A bounty of cucumbers has come with the arrival of cooler temperatures in North Texas. Not that that’s a bad thing, but finding some inventive ways to use them has become a bit of a challenge. There is absolutely nothing wrong, of course, with sliced cucumbers, crispy cucumbers in salad, and chopped cucumber added to egg salad and tuna salad.
But, what else is there?
Actually, as it turns out, there a whole lot of “else.”
- The new family favorite has become the “bottomless bowl” of sweet/sour sliced cucumber waiting in the refrigerator. So simple — and so ready for healthy snacking any time of the day or night. Simply chop some onion to toss with thinly sliced cucumber, and combine with a 1:1 solution of sugar/vinegar. Marinate at least overnight and stir occasionally. The cucumbers can be eaten individually, served as an accompaniment to any meat, fish or poultry entree, or become a stand alone salad on a crisp lettuce leaf, garnished with dill or parsley. Add sliced avocado or cherry tomatoes if you wish.
- Refreshing tall drinks: Add cucumber slices to ice water as a quick pick-me-up. Or, wean the kids off of soft drinks with a punch made from lemonade, white grape juice, cucumber and lemon slices — add a maraschino cherry and a straw just for fun! Experiment with ingredient proportions until you find what works for you.
- Spend a bit more time and prepare a traditional Thai Salad. Thinly slice a cucumber, along with 1/2 a carrot, julienned, and 1/2 a green onion, thinly sliced. Combine about 1/4 cup of white vinegar with a teaspoon of oil and add 2 Tablespoons of sesame seeds, about a 1/2 teaspoon of red pepper flakes, a generous dash of salt and freshly ground black pepper. Stir all together, chill slightly and serve.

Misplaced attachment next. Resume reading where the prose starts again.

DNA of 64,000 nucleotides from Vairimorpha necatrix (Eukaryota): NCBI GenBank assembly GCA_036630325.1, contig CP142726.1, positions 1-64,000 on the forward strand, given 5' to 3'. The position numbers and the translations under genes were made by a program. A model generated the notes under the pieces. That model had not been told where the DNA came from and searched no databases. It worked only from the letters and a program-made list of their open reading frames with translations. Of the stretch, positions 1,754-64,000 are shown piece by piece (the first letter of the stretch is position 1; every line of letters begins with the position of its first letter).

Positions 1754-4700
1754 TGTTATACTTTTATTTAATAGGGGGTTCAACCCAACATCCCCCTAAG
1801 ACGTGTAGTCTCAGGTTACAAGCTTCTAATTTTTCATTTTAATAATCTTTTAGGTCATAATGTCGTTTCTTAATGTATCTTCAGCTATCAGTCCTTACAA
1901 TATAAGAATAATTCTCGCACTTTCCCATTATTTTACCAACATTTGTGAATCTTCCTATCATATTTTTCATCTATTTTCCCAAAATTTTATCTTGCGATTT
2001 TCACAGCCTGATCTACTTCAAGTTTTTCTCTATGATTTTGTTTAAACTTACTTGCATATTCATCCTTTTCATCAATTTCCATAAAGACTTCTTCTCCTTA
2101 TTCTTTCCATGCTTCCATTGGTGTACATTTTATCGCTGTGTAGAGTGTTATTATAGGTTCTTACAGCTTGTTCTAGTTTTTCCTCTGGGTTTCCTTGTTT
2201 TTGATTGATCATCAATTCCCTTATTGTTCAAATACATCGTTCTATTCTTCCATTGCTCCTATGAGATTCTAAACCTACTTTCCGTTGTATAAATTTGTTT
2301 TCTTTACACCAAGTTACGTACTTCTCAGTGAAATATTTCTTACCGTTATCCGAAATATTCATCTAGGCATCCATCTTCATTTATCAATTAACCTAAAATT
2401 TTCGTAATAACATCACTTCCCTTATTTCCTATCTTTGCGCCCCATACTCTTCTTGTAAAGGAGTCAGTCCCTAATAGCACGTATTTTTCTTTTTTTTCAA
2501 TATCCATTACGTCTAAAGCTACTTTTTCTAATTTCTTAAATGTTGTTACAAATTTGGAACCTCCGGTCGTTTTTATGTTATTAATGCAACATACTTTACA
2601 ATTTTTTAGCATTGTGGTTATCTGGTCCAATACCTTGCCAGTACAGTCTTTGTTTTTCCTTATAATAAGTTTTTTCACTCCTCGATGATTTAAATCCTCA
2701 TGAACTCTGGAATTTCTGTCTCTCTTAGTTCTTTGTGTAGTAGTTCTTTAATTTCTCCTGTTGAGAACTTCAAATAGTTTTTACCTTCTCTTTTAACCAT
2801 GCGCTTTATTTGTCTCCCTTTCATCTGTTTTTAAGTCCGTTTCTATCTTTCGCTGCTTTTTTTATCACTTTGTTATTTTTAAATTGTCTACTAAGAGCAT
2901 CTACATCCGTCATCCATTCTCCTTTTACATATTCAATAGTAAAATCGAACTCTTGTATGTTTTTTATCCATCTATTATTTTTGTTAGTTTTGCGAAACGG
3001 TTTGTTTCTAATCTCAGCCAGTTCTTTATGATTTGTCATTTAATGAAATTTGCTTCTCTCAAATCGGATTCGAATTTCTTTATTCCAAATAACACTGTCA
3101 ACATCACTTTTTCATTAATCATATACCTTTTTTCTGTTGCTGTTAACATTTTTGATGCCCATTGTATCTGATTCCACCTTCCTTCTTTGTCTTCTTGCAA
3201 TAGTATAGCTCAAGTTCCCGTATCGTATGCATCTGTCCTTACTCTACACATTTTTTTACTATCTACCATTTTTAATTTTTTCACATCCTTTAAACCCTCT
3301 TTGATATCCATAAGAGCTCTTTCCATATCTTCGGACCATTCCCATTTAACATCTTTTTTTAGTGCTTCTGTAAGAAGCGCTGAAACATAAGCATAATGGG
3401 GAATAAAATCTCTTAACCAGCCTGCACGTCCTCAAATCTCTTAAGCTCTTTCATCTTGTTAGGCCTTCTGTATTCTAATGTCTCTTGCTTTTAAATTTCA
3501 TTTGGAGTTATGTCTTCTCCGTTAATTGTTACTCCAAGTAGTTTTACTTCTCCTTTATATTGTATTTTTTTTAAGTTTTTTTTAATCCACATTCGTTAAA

There are, of course, cucumber sandwiches, cucumber soups, and healthful blender smoothies like this one for a cucumber/apple/mint cooler. There are also cucumber dips, cucumber sauces for fish, cucumber-laden gazpacho and cucumber pickles. It all depends on how inventive you need to be, and how much time you want to spend in the kitchen.
Here is one special favorite recipe, worth keeping if you like semi-exotic flavors and want something other than traditional potato salad. This one uses sweet potatoes and boasts a bit of Caribbean soul.
Although they are technically a fruit rather than a vegetable, cucumbers can, however, be sauteed, roasted, baked or grilled, much like
tomatoes, apples and bananas! They are almost as versatile as tomatoes, and when your cucumber vines produce an armload almost daily, it is wise to have a variety of ideas handy so that they don’t go to waste.
Chop young, firm cucumbers and add them to stir-fry dishes as you would use summer squash or zucchini. Drizzle fresh cucumber spears with soy sauce as a no-frills appetizer, or serve them in yogurt with pita chips and hummus as healthy game night snacks.
There are literally hundreds of varieties of cucumbers, but they fall into two basic categories: Pickling strains and slicing strains that are intended to be eaten fresh. They are low in calories, high in hydrating properties, and chock full of nutrition. If that’s not good enough, cucumbers are also known to possess anti-inflammatory compounds and hold anti-aging and anti-wrinkling agents.
So, if you’re not sharing in the cucumber harvest this year, why not consider planting some next year. It’s never too late to reap the benefits.